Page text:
Coronavirus II? Scientists Find 28 UNKNOWN Viruses in Chinese Glacier; Melt Could Unleash Them

Saturday, January 25, 2020
By Paul Martin

by Selwyn Duke
Friday, 24 January 2020

China is one of the world’s oldest civilizations. But recently discovered viruses locked in its Guliya ice cap on the northwestern Tibetan Plateau are far older than the Middle Kingdom is, dating back 15 millennia. Of course, while scientists are rightly curious about these ancient and unknown quantities, they’re also concerned — about what could happen if these viruses are unleashed by an ice melt-off.

The discovery was made via recent examinations of two ice cores, approximately 520 and 15,000 years old respectively, taken from the glacier in 1992 and 2015. The analysis “revealed 33 viral populations,” wrote the authors — 28 of which are unknown.

The authors are 11 researchers, of varying specialties, from a number of different departments associated with three American universities (details here). Their findings were published in bioRxiv, which is operated by the Cold Spring Harbor Laboratory.

Not all viruses are harmful, of course; some are benign while others can even be beneficial to human health and agriculture. That said, the researchers wrote in their study that in “a worst-case scenario” an “ice melt could release pathogens into the environment.”

“This possibility is why scientists want to learn as much as possible about the viruses now so if they are unleashed into the world, we’ll know how to deal with them,” writes the U.S. Sun.

The site points out that while deadly “viruses spreading into the environment from melting glaciers is reminiscent of the Sky Atlantic drama series Fortitude,” the threat is far from fictional.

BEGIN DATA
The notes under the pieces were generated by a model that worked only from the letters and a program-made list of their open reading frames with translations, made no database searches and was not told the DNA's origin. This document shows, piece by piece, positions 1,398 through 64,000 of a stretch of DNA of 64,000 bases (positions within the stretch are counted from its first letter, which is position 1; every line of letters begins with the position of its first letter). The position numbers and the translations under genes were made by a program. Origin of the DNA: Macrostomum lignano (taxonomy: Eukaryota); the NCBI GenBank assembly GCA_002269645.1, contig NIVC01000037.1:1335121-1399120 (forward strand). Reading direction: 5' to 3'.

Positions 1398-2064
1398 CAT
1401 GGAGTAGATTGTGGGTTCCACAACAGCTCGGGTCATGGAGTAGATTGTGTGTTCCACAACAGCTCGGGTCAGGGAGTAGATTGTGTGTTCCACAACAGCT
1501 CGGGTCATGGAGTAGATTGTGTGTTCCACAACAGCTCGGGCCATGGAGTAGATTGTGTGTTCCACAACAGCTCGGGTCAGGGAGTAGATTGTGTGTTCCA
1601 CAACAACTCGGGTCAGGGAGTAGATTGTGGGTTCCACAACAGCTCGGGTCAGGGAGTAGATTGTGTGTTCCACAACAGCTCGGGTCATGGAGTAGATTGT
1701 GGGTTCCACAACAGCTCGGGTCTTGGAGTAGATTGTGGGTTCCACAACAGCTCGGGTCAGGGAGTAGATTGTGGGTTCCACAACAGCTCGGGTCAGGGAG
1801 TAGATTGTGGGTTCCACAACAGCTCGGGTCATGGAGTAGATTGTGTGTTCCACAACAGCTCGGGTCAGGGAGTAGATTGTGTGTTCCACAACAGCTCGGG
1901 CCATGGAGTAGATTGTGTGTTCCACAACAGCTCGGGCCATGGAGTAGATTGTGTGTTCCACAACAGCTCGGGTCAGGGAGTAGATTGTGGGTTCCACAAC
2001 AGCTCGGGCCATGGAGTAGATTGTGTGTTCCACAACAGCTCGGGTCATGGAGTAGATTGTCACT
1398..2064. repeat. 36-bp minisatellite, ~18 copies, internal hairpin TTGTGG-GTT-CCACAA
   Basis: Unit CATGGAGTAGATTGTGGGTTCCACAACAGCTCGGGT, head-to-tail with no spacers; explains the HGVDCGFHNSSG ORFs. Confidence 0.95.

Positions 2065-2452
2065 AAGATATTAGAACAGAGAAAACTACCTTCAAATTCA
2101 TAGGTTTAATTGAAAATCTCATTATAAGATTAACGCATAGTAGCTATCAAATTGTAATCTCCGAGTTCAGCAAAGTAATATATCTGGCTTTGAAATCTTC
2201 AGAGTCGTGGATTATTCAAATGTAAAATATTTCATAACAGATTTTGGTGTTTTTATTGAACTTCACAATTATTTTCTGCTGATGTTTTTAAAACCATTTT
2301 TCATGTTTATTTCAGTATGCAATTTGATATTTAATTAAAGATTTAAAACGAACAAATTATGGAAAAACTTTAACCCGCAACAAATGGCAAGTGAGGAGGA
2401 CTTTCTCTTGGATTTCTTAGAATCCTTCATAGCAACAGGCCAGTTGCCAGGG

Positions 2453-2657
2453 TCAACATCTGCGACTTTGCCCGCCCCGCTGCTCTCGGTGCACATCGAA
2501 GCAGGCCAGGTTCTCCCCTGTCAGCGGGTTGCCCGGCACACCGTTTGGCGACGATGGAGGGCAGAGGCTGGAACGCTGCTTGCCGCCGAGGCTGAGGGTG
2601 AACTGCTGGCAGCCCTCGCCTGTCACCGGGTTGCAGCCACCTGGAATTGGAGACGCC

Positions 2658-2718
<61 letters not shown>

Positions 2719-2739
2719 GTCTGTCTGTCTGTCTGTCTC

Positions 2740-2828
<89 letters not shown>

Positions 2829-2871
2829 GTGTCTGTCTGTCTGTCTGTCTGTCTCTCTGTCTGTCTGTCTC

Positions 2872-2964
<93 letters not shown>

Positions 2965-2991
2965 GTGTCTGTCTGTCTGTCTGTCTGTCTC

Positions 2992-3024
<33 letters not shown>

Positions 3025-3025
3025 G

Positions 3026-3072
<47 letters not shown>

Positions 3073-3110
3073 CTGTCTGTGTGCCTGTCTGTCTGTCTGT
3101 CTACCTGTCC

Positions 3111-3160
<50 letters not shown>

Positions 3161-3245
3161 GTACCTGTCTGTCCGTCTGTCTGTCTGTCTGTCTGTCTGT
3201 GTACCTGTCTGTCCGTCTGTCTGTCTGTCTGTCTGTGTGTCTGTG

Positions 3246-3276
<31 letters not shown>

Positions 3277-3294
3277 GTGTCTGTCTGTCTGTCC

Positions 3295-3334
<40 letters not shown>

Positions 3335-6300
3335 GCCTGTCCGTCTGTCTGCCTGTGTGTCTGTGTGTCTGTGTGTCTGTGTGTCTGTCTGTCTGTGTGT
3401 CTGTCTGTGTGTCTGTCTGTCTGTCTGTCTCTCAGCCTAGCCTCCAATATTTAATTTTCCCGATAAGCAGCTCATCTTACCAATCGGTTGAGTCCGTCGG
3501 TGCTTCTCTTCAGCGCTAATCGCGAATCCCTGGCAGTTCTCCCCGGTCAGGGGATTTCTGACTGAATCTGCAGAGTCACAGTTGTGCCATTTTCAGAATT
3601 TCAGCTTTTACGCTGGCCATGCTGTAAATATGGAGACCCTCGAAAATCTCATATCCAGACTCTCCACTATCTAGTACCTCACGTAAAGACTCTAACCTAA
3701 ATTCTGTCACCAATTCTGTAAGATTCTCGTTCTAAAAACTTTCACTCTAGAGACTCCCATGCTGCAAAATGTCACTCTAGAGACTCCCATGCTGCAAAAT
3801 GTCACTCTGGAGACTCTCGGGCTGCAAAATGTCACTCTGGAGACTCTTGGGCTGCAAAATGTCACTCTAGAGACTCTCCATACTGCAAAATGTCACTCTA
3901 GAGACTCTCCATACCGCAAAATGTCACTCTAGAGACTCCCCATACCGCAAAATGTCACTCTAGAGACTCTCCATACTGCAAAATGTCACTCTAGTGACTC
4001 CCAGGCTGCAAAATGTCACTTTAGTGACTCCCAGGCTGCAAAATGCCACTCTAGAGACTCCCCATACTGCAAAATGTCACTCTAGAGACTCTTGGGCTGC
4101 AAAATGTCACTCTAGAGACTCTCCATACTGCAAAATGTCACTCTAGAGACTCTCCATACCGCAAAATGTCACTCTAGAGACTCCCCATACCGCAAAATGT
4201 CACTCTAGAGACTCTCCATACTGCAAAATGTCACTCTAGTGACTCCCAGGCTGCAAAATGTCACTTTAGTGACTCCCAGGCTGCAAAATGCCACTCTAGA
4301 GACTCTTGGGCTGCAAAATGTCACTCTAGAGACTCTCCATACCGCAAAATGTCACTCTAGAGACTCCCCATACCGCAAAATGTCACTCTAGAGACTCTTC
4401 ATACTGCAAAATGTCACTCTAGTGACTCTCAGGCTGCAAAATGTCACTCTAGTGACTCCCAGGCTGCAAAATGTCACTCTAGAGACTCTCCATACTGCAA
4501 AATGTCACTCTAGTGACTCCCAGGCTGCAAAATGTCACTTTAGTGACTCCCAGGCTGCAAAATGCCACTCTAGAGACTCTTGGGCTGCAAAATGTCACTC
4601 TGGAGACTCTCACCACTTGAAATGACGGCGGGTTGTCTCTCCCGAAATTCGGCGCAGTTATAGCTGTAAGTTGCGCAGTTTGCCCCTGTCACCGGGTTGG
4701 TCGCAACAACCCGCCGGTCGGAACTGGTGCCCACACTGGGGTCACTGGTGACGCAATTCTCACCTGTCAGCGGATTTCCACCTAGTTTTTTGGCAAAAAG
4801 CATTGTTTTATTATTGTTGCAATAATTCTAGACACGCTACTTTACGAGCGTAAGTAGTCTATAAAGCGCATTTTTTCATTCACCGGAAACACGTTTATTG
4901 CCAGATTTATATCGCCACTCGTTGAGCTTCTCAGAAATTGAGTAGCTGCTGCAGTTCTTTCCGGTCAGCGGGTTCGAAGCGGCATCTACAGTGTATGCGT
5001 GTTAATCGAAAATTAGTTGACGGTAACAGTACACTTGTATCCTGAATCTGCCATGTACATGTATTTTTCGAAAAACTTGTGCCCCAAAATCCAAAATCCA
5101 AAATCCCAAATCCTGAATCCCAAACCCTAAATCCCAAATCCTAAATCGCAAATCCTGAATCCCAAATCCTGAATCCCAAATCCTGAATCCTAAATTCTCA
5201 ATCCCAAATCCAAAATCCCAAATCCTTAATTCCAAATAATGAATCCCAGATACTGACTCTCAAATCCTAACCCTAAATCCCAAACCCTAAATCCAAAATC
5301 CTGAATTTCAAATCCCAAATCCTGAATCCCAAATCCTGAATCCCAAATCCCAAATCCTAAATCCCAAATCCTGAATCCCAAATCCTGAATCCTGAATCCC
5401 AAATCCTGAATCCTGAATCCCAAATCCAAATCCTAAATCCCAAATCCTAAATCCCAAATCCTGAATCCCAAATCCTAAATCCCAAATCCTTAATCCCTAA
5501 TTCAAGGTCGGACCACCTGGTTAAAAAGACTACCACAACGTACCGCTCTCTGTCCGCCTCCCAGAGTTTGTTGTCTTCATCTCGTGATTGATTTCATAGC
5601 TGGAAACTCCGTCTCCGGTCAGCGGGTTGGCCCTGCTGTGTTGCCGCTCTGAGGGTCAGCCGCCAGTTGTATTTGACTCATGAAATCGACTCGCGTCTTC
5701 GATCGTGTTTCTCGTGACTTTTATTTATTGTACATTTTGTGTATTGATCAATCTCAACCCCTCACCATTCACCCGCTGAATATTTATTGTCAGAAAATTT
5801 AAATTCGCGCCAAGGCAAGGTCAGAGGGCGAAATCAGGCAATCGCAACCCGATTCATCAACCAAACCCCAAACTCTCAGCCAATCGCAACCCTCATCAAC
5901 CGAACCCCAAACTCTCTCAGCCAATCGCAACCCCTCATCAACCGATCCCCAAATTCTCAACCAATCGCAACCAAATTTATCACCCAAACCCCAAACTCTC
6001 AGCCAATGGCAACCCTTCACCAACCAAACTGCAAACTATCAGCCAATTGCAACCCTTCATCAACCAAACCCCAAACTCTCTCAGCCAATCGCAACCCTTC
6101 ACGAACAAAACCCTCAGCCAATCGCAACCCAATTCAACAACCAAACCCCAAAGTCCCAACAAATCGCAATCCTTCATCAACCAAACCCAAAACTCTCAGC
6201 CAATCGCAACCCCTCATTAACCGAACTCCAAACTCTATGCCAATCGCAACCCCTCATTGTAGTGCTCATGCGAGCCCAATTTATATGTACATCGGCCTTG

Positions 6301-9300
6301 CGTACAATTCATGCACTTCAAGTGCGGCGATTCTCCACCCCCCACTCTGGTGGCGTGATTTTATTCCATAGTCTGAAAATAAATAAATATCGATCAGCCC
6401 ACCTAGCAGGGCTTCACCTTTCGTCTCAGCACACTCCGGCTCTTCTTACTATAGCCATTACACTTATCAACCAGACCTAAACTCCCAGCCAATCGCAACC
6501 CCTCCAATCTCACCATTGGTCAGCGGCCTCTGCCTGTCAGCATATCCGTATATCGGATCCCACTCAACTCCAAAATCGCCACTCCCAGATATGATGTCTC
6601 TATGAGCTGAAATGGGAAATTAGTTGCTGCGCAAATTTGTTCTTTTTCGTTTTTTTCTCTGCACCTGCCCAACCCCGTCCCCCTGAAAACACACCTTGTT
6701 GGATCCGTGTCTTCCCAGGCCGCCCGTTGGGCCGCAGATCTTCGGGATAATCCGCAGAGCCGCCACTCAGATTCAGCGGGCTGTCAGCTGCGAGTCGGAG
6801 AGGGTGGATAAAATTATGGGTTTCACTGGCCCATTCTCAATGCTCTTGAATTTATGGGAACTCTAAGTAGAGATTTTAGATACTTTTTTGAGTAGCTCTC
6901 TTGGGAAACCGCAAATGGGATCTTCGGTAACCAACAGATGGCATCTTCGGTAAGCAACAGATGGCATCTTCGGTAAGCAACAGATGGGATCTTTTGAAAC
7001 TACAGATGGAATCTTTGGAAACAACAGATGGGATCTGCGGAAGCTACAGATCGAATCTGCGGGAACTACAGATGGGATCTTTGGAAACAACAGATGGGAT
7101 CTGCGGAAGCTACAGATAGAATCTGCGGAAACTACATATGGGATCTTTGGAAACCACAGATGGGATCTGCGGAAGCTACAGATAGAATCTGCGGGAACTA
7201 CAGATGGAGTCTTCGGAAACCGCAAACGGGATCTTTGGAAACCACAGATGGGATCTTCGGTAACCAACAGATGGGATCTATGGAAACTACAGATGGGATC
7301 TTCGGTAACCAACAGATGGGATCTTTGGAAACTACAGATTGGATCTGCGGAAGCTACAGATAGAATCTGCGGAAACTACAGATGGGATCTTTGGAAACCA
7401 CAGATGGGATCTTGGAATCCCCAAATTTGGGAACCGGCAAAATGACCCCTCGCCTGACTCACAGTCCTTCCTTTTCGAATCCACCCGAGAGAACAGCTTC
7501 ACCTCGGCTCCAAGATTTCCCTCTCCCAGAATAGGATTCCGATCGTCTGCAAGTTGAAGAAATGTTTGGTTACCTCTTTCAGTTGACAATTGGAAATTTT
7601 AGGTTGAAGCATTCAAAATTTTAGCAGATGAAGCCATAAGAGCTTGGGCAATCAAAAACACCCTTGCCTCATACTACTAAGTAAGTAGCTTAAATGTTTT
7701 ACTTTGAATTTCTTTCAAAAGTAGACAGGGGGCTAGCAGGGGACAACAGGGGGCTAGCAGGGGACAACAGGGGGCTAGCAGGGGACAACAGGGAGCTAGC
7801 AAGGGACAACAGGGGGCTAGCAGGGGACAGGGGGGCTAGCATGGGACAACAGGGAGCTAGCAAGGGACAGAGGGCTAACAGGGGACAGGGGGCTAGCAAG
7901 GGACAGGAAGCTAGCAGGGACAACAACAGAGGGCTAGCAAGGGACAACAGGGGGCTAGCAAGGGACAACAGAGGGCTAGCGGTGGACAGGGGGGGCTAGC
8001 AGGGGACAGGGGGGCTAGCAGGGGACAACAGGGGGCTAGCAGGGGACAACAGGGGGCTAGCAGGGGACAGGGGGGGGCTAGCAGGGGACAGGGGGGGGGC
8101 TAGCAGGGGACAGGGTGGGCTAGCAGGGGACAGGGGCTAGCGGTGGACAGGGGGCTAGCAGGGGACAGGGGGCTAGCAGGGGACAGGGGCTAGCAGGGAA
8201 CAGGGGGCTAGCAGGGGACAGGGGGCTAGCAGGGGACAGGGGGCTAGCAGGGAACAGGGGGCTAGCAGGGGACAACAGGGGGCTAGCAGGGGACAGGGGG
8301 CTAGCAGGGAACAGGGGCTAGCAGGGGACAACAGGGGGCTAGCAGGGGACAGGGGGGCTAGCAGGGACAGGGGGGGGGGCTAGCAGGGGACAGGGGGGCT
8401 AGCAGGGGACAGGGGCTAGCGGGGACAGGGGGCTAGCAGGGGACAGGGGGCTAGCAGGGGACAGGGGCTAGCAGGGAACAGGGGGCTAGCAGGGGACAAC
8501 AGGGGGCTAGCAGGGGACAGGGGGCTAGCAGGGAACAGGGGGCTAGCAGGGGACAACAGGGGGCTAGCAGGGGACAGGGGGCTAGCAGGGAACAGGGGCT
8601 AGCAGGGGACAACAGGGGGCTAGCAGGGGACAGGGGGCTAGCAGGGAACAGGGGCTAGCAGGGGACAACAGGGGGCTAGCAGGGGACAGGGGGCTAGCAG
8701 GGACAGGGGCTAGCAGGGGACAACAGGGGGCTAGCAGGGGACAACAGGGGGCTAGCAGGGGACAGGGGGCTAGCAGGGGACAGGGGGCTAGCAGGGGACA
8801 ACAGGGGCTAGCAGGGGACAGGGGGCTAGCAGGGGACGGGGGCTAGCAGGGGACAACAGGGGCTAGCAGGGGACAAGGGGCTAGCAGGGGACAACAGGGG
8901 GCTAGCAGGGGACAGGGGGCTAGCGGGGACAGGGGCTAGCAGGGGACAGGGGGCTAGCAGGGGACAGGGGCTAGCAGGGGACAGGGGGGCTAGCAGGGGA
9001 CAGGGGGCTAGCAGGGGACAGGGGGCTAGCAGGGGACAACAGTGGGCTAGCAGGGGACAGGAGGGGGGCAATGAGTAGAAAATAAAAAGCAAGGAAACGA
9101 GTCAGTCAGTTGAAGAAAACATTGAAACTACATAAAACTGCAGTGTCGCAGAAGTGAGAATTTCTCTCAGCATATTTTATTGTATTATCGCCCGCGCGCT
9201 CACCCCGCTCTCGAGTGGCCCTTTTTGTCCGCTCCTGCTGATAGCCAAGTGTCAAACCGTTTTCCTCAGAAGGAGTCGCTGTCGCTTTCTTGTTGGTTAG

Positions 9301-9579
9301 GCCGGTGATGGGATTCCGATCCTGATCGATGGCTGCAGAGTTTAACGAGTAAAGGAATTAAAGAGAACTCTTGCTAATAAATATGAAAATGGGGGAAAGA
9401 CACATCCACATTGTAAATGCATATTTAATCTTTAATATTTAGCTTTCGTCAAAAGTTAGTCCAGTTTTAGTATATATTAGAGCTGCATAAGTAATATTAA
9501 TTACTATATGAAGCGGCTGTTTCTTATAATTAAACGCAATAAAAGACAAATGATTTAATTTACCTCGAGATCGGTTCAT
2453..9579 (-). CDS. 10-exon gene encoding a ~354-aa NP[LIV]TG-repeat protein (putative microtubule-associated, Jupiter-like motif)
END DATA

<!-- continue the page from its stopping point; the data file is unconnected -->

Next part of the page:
For example, a related situation arose in 2016 when “biological warfare troops were rushed to the Russian Arctic amid growing concerns over a serious anthrax outbreak,” the Sun explains.

“Around 40 people were hospitalised and a 12-year-old boy died from the deadly infection after a contaminated reindeer corpse — buried at least 70 years before — thawed because of a heatwave [sic] in northern Siberia.… Over 1,000 reindeer also died,” the organ continues.

The timing of this news of ancient viruses extant in China is eerie considering the nation is currently plagued with an outbreak of coronavirus, which also was previously unknown. The disease, whose flu-like symptoms include a cough, high fever, and difficulty breathing and which can permanently damage the lungs, has thus far killed 25 people and infected 830 in China, according to Beijing authorities. Imperial College London estimated, however, that there could be 4,000 cases in the Chinese city of Wuhan alone.

The outbreak has prompted the government to place eight “Chinese cities, more than 23 million people, effectively under quarantine,” reports Zero Hedge blog. There are also between 14 and 20 confirmed cases in total in eight other countries: the United States, Japan, South Korea, Taiwan, Singapore, Thailand, Vietnam, and Saudi Arabia.

The Rest…HERE

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